The author seems to propose an alternative model where universities are not truth-seeking institutions committed to thoroughly vetting competing claims of truth but intellectual enforcers that reward sycophants to fashionable ideologies and bludgeon those who dare transgress popular sentiment.
If we accept this model, the assaults on academic freedom would devolve into absurdity. For example, if the Claremont Institute’s politics are disgusting enough to warrant a public renouncement, why not fire the CMC professors affiliated with it? And once that’s done, why not replace their classrooms with video feeds of morally upright individuals preaching the one true opinion? The college would have to review every professor’s CV, searching with a fine-tooth comb for any opinions that have run afoul of today’s campus climate and renouncing any offenders.
Taken to its conclusions, this logic is clearly misguided and dangerous. Treating one side of the political spectrum as having all the answers is silly, and does a disservice not just to those labeled ignorant beyond repair but to those who mistakenly think they have all the answers. Indeed, if the Claremont Institute is as influential as the author suggests, then it would benefit students to encounter these ideas head-on in class, where they can reason and disagree with influential professors.
To be sure, this is no reason for the Claremont Colleges to start recruiting maximally ideologically extreme intellectuals in hopes of exposing students to every possible ideology. The colleges should, however, prioritize hiring professors who are comfortable with confronting unpopular or noxious ideas and guiding students through the (perhaps uncomfortable) process of understanding them and their influence.
Fortunately, CMC and the Claremont Institute understand something that the author does not: that allowing for a discussion does not amount to an endorsement of the ideas expressed in that discussion. If CMC employs professors who say unpopular things, that does not mean that the college agrees with everything those professors say.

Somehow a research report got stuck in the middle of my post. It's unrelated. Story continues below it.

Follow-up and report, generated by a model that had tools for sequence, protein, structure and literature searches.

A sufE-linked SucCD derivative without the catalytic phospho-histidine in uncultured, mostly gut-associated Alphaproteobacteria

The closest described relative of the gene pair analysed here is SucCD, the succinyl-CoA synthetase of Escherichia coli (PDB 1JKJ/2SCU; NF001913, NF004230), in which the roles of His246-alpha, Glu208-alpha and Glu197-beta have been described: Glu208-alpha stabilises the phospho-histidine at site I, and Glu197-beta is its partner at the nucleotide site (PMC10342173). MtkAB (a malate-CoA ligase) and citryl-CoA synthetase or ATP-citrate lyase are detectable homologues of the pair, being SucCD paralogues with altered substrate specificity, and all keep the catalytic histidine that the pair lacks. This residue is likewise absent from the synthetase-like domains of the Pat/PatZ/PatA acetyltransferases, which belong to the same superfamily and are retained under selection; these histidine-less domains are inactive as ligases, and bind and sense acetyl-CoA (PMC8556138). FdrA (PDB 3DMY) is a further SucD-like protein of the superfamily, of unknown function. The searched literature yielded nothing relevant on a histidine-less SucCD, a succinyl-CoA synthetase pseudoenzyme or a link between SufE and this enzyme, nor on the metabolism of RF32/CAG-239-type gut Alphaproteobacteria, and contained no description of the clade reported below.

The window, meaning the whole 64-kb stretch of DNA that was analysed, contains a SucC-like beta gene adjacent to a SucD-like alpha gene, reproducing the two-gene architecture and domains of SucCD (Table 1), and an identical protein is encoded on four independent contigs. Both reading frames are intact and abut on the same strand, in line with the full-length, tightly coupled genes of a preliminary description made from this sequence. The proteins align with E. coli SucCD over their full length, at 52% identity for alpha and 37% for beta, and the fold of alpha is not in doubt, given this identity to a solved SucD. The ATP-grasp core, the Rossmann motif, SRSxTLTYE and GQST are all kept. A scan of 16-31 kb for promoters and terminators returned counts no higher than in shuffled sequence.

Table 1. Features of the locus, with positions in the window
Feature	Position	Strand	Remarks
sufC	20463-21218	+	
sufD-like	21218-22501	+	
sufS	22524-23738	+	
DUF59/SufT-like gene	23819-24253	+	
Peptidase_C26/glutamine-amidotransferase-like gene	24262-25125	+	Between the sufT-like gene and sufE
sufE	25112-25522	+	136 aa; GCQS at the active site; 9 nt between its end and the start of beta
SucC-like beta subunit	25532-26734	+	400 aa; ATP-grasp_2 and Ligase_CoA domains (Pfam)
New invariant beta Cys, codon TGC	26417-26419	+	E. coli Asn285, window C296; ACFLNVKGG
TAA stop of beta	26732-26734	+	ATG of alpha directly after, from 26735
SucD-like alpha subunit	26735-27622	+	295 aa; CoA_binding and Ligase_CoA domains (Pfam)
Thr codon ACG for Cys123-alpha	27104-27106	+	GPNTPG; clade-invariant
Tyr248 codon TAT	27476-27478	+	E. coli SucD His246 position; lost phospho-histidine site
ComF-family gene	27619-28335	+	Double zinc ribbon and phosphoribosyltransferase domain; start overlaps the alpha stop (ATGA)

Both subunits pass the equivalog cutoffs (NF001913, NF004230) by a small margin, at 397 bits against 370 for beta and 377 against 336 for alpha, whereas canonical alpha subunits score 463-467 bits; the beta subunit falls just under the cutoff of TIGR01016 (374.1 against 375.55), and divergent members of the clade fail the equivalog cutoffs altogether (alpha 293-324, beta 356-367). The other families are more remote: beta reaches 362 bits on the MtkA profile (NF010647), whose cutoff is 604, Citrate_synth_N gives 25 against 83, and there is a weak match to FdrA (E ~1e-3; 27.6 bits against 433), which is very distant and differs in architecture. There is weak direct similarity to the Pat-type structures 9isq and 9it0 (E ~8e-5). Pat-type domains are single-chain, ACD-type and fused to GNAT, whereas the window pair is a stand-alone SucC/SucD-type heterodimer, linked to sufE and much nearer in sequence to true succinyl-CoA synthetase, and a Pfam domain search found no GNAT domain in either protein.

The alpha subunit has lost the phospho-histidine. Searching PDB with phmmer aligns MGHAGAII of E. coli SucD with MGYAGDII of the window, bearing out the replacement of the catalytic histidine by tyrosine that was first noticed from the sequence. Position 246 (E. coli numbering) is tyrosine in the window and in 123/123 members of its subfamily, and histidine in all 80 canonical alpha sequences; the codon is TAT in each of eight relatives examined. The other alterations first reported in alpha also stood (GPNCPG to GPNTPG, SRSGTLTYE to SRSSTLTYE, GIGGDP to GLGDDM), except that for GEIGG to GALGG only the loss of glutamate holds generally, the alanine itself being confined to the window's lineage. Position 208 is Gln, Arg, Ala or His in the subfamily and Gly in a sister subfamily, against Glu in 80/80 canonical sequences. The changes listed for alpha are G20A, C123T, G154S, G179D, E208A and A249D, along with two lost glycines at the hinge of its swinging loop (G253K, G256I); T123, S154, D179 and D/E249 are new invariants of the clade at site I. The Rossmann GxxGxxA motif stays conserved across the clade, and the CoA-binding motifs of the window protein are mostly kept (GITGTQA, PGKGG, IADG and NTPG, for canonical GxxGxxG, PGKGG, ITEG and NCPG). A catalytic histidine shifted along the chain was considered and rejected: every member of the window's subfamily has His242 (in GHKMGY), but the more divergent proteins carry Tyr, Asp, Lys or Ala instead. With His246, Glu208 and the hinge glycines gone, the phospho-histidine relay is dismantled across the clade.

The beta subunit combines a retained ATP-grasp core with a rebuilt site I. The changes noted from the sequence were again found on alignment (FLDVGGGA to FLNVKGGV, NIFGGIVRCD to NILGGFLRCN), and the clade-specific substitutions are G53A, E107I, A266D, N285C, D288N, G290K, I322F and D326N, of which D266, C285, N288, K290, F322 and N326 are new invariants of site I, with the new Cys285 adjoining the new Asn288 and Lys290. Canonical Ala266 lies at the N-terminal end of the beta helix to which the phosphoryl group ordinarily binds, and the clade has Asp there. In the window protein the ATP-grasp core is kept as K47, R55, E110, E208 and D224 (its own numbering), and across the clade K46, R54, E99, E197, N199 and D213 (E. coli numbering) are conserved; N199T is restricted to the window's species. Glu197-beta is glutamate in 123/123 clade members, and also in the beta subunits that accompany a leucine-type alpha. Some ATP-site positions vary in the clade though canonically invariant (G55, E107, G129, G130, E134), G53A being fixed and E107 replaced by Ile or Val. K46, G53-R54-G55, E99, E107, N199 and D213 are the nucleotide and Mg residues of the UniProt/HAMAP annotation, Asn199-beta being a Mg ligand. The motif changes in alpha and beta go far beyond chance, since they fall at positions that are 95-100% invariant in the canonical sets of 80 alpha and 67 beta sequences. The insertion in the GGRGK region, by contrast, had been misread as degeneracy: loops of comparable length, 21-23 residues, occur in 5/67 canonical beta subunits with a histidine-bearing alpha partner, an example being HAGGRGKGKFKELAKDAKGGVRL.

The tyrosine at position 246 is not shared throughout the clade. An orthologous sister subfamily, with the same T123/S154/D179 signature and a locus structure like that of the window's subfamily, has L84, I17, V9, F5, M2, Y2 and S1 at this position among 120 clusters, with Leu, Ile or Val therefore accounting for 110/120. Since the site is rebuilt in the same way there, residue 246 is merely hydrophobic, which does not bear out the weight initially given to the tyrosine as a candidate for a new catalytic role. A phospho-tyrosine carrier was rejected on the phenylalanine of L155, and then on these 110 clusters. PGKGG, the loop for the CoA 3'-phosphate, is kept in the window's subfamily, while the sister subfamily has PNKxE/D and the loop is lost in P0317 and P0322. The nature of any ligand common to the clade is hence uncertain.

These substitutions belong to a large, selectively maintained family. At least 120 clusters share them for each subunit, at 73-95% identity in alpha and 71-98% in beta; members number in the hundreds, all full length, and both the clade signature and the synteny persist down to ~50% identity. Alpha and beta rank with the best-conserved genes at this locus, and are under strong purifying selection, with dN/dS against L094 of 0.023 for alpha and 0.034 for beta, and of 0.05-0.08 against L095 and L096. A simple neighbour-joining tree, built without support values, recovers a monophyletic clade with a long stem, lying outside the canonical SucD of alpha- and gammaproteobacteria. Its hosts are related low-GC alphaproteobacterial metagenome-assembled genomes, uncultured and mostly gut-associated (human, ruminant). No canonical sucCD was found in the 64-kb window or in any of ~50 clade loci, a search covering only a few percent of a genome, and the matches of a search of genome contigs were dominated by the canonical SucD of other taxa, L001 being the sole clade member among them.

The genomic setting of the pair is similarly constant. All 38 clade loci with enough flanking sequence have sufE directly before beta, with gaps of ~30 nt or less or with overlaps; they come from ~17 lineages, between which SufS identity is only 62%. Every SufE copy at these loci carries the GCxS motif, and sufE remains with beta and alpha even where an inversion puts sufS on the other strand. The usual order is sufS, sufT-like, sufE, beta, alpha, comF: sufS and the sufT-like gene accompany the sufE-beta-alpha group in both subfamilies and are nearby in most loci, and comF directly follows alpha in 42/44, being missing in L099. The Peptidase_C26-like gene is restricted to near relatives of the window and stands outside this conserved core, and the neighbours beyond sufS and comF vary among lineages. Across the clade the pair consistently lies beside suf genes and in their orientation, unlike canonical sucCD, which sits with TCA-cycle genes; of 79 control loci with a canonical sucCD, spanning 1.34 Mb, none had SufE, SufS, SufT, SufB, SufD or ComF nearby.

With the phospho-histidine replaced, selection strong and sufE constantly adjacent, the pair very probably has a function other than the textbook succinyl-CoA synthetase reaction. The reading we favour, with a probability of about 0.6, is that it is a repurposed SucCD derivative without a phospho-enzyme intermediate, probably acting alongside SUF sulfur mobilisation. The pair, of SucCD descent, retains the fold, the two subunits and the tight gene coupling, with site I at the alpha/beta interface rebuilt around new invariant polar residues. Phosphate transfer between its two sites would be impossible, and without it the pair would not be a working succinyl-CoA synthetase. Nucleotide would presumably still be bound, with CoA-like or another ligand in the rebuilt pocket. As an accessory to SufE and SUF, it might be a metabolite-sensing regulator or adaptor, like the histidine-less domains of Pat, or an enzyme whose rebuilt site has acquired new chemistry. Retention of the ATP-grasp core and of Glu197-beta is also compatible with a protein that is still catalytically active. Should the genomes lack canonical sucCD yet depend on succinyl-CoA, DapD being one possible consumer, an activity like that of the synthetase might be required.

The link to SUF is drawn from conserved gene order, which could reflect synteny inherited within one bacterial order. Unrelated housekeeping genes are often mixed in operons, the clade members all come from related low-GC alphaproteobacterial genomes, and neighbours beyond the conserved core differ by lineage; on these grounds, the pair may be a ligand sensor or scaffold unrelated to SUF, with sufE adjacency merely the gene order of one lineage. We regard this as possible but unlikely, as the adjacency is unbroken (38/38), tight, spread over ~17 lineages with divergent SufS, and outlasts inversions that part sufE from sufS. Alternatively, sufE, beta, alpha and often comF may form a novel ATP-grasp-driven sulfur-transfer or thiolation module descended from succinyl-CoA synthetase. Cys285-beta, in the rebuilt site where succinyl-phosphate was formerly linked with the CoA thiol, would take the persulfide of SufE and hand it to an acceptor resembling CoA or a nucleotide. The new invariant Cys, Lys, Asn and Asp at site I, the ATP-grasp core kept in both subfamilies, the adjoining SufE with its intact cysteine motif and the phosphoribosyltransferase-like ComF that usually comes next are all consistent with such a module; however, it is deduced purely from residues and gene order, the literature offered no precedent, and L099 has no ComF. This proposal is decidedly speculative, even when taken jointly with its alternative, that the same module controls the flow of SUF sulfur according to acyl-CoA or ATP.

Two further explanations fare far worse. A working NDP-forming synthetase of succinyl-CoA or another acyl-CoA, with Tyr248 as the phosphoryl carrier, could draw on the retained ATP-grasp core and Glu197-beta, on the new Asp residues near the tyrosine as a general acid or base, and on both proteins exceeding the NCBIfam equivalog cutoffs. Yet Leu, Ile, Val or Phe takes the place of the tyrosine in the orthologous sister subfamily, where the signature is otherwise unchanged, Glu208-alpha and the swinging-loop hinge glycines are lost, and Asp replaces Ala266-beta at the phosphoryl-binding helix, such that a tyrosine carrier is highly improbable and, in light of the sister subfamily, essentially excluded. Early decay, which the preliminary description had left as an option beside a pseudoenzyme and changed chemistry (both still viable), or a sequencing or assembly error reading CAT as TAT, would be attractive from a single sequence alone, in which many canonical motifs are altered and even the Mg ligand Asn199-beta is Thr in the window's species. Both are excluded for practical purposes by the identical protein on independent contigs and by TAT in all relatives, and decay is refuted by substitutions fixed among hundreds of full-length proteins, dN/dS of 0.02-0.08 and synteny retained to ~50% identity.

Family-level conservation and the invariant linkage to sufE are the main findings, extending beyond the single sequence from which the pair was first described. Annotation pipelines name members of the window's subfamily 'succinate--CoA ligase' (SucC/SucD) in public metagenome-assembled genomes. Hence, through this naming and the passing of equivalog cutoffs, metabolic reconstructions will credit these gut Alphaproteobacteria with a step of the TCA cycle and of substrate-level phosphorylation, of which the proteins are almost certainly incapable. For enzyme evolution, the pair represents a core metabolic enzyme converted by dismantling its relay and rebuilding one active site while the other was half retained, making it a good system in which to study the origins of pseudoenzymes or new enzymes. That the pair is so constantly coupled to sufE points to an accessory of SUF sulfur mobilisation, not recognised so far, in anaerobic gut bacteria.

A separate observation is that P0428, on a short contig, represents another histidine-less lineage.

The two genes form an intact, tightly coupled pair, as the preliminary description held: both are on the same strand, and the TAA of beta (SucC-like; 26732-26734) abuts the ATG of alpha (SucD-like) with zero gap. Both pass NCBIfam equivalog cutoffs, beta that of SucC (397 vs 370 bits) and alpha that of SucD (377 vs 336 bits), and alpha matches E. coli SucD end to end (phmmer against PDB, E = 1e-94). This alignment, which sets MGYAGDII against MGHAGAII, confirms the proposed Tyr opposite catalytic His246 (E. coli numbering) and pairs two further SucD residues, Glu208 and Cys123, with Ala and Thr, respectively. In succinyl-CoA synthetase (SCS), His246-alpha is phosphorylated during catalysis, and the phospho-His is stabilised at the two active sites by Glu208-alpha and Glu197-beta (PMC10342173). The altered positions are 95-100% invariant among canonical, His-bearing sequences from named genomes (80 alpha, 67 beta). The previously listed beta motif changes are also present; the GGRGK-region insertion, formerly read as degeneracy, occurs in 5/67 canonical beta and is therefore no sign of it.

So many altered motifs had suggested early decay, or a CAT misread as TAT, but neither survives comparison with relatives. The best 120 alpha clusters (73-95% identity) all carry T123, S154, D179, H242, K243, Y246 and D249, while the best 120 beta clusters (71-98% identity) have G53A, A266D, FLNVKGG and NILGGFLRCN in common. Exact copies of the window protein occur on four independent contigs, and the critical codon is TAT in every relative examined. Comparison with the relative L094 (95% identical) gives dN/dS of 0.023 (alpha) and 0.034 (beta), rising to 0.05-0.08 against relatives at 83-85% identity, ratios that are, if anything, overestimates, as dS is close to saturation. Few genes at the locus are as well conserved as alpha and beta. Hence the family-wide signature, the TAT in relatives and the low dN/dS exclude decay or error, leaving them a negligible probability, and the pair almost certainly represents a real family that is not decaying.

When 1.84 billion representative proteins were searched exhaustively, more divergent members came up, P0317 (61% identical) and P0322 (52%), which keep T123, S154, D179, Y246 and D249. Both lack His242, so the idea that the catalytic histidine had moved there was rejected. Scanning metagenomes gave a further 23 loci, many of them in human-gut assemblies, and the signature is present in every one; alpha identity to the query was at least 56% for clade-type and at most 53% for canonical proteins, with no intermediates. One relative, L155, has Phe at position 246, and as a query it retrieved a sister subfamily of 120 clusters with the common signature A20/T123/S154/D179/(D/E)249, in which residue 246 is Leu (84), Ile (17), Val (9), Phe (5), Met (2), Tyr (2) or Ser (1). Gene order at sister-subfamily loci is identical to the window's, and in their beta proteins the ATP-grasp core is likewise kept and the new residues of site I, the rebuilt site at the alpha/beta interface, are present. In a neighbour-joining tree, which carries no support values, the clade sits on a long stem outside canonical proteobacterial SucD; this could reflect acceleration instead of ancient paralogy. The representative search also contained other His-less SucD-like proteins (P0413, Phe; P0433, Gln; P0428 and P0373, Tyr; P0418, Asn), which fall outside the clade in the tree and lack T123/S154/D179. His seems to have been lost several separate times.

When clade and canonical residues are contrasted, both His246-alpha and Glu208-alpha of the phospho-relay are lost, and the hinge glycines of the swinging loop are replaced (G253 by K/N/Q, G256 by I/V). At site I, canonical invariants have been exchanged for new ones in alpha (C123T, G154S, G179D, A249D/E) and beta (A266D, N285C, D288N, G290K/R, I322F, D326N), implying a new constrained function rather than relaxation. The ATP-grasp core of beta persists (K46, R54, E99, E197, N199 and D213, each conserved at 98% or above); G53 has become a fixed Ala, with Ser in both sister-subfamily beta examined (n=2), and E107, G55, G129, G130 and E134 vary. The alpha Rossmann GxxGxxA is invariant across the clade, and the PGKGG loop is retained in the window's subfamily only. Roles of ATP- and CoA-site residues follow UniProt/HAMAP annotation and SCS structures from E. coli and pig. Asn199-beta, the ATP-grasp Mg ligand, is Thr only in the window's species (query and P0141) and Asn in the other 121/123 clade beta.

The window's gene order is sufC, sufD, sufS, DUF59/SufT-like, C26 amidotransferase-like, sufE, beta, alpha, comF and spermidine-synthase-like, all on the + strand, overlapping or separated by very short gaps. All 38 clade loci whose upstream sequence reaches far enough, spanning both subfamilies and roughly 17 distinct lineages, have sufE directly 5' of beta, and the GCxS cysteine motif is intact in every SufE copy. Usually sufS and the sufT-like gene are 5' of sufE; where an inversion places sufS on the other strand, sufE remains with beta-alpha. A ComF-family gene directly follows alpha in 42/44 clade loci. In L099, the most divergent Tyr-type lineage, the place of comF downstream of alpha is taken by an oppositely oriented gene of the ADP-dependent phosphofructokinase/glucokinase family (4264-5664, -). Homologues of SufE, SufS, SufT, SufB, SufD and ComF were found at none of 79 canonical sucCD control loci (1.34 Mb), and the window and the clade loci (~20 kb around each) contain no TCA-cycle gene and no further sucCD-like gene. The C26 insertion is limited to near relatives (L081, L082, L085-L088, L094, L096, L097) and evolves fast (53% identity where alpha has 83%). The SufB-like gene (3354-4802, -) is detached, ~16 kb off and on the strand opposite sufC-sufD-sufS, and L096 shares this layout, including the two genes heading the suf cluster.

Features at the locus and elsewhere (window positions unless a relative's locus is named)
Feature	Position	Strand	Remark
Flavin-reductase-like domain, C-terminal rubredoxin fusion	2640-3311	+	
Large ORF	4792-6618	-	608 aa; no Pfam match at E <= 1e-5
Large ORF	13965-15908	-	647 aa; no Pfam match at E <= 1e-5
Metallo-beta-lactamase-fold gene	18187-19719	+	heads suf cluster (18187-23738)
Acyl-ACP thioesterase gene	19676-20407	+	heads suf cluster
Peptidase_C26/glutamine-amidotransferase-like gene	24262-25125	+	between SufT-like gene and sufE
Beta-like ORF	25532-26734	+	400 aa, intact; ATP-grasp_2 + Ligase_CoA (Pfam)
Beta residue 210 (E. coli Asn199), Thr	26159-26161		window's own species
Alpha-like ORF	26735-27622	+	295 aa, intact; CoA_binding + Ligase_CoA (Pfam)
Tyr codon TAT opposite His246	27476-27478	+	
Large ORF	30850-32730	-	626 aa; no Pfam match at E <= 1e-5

Likewise, the Claremont Institute employing fellows or contributors that make unpopular, inflammatory, or even misguided claims does not mean that the Claremont Institute––as an institution––agrees with them. For example, John Eastman, author of several erroneous memos designed to help Mike Pence overturn the results of the 2020 election, is a senior fellow at the Claremont Institute. Nevertheless, the Claremont Review of Books, the Claremont Institute's main publication, published the most thorough and searing critical analysis of Eastman’s exploits, written by Professor Bessette and edited by Professor Kesler. That is not the Claremont Institute eating its own in an act of self-destruction; it is the Institute allowing for internal debate and disagreement, with everyone emerging more informed as a result.
Thankfully, CMC has been wise enough to see the folly of institutional partisanship. It is college policy to “refrain from establishing partisan institutional positions that are not directly related to its educational mission.” As the policy wisely states, “when colleges and universities take sides, they corrupt the necessary conditions for learning,” a sage reminder that we should all take to heart if what we seek is a meaningful education and not a rather expensive four years of being told we have already got everything right.